Name and taste down, the only essential left on your tick list is to provide some basic information about yourself. It breaks my heart when a musician contacts me with a stream, I really love their music, but I cannot find a single thing about them on the internet. The most basic requirement is a presence elsewhere, even if it’s a sparsely populated Facebook page. We need to be able to direct our readers towards some sort of website or social media account, so they can continue to follow your work after we’re gone (sob). We’re also not allergic to research, so linking to a page that permanently provides information on your project will save you the time of explaining yourselves again and again. It is, however, also really helpful to know your vitals: where you’re from, who you associate with, and whether you have any music available to purchase. This is especially true if you have a project name such as ‘Toast’ but your PageRank isn’t up there with the fairies, ‘cause Googling that word will not your band bring forth. If you fail to provide the above information, you’ll have to accept that some of us are going to get our facts all jumbled up, or omit information entirely.

With all of the above under your belt, you are now moving towards meeting individual expectation and ideals. This is fundamentally exhausting. If you’re emailing multiple blogs at one time, or creating a template – sensible you – your best bet is to try to find a happy medium. All bloggers will want to listen to your music, but few will want to download it straight away. Try to include a link to a stream of your work near the top of your initial correspondence for ease of access. Also, for some God forsaken reason I frequently find musicians have taken their music down before I can get around to covering it. Make sure what you’re uploading and linking to is the finished product, before you reach out to anyone about it.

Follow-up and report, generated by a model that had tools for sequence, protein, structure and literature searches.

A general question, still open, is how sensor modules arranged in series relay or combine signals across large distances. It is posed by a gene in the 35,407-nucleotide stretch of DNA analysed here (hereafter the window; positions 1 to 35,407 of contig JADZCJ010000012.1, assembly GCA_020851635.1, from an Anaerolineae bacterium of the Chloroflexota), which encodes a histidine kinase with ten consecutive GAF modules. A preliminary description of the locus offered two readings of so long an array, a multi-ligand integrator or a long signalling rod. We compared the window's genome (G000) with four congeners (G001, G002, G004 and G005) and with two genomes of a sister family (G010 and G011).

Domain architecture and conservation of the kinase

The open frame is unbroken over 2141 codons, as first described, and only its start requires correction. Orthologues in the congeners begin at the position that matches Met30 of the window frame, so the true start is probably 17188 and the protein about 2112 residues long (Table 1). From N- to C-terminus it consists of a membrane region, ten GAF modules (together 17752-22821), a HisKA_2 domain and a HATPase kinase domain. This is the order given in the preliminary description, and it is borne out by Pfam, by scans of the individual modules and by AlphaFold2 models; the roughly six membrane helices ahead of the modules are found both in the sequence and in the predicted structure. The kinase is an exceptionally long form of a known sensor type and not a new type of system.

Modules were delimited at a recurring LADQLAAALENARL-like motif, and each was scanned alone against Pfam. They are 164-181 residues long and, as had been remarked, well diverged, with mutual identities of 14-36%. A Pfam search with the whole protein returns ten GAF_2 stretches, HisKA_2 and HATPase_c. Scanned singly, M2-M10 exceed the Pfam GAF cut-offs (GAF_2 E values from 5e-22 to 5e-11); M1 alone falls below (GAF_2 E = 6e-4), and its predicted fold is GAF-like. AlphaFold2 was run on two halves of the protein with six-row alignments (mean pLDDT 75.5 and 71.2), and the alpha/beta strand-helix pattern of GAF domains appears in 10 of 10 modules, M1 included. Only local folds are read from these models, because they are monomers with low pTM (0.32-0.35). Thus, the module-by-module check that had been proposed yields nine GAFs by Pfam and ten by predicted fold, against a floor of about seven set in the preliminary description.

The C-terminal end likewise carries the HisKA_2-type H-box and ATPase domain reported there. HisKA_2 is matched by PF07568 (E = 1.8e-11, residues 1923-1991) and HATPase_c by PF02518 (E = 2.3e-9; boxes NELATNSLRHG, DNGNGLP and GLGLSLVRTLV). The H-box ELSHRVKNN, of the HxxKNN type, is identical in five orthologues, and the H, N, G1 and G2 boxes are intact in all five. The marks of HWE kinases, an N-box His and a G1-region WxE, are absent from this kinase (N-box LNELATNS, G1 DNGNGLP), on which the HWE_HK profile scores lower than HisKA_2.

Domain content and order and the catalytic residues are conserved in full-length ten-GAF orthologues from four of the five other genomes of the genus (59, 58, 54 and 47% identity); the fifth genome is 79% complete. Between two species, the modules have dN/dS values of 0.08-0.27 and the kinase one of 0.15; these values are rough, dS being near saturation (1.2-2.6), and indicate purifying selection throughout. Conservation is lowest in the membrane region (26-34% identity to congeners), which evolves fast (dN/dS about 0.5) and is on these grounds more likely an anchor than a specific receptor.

“The key is to efficiently and effectively demonstrate your work within a maximum of 10 minutes”

Finally, a clear image with public rights or a clear credit requirement will come in handy, too. Above all it proves you mean business, but it also helps to categorise your work. That sounds fickle, right? That’s because it is – it’s really fickle. But the truth is the music industry functions on fickle antics. If anyone claims prejudice sentiment you can set me on them: otherwise you’re only going to help the blogger pinpoint your genre and ideologies via your clothing and/or dance moves. Dance moves are always nice.

Additional manoeuvres are a welcomed extra, within reason. By example of a really bad pitch, a musician recently emailed me 10 long paragraphs of information with no link to their music, and no multimedia attached. I love music, but I’m not going to spend a good half an hour reading an essay when there’s no promise of something fruitful coming out of it at the end. I’m fortunate enough to work freelance on the side, which means I have a lot more time to concentrate on music than other bloggers may do. The key is to efficiently and effectively demonstrate your work within a maximum of 10 minutes: anything beyond that is unnecessary, and liable to put bloggers off.

Tiffany Daniels is the editor of DrunkenWerewolf, a new music website and monthly digital magazine specialising in reviews, interviews and features. For more information, head over here: www.drunkenwerewolf.com